Andy Mackenzie can mark to the hour when the Korean War ended for him—more than 16 months after it did for everyone else. A Second World War pilot who flew Spitfires over Europe—and was credited with 8½ kills— Mackenzie volunteered for Korea just for the experience of flying F-86 fighter jets. He did-
n’t get much. His exploits came to a quick end, during one of his first live-fire sorties over North Korea. “I spotted two MiGs and radioed, ‘Boss, I see something at five o’clock. Cover me.’ ” Unfortunately, the message was never received. “So when I went back to rejoin the squadron, they mistook me for a MiG and shot me down,” recalls Mackenzie, now 82. “I didn’t expect to be shot down by my own guys.”
Actually, it shouldn’t have come as too much of a shock to Mackenzie, who retired from the armed forces in 1966 and settled near Ottawa to farm. The only other time he was shot down was over France, seven days into the D-Day Allied invasion, when an American mistook him
and was captured by a squad of Korean and Chinese soldiers. It was 1 p.m. on Dec. 5,1952.
Mackenzie spent most of the next two years in solitary confinement in a Chinese prison. The experience was more harrowing than any he had encountered in combat. His captors interrogated him three times a day and repeatedly threatened his life. He was not physically beaten, but the meagre rations of cabbage soup and steamed rice took their toll. He went from 204 to 122 lb. The hardest part, he says, was the constant fear he would be killed. “You just sit there 24 hours a day and every time the door opens, you think that’s it.” He kept his sanity by reading Victor Hugo’s Les Misérables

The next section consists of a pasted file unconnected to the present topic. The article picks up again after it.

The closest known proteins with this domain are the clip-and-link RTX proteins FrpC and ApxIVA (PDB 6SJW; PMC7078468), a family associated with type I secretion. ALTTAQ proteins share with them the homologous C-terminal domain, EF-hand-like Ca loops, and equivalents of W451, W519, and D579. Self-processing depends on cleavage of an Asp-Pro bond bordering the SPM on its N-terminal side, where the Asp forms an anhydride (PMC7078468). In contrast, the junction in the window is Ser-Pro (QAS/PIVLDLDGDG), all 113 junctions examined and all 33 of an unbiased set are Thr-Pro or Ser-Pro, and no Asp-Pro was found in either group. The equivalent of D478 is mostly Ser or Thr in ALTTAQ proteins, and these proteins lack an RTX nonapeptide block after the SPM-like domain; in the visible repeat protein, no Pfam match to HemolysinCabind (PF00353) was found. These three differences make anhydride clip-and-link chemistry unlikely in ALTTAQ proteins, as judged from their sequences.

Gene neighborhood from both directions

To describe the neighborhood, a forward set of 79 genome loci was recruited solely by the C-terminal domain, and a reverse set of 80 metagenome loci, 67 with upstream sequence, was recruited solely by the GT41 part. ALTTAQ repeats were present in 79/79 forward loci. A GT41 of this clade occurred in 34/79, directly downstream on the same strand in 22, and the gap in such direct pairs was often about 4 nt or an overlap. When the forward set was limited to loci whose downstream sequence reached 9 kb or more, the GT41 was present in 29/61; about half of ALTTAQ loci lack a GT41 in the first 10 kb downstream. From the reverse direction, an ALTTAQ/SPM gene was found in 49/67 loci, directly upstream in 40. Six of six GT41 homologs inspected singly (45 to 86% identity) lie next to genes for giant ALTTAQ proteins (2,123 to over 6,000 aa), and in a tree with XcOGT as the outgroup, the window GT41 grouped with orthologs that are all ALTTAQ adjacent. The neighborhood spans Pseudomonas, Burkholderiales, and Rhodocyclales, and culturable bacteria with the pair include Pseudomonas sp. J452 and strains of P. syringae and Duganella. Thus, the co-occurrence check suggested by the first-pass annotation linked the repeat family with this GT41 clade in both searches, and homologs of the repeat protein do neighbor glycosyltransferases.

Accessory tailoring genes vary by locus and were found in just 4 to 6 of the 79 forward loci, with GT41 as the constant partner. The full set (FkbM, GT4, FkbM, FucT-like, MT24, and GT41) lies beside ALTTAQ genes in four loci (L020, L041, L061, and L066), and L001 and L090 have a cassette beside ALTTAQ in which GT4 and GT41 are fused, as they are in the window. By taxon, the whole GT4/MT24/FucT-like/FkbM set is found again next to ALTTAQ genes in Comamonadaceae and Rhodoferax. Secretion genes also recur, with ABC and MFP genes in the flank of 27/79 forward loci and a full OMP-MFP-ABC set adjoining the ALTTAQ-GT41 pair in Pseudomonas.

and the entire works of Charles Dickens. “The Chinese liked writers who were critical of social conditions in the West,” he explains.
When the fighting formally stopped in July 1953, Mackenzie could see no end to his confinement. It was only through the intervention of Canadian diplomat Chester Ronning-who doggedly kept asking Chinese officials about the whereabouts of the only Canadian air force pilot shot down during the conflict-that he was eventually freed, Mackenzie says he was forced to sign a declaration that he had been shot down over Chinese territory. “It was a lie, but I’m sure I’d been shot if I didn’t sign.” Soon afterwards, he was released-on Dec. 5,1954, at ex-
actly 1 p.m. His captors may not have cared much about the truth, but they had an unerring sense of timing,
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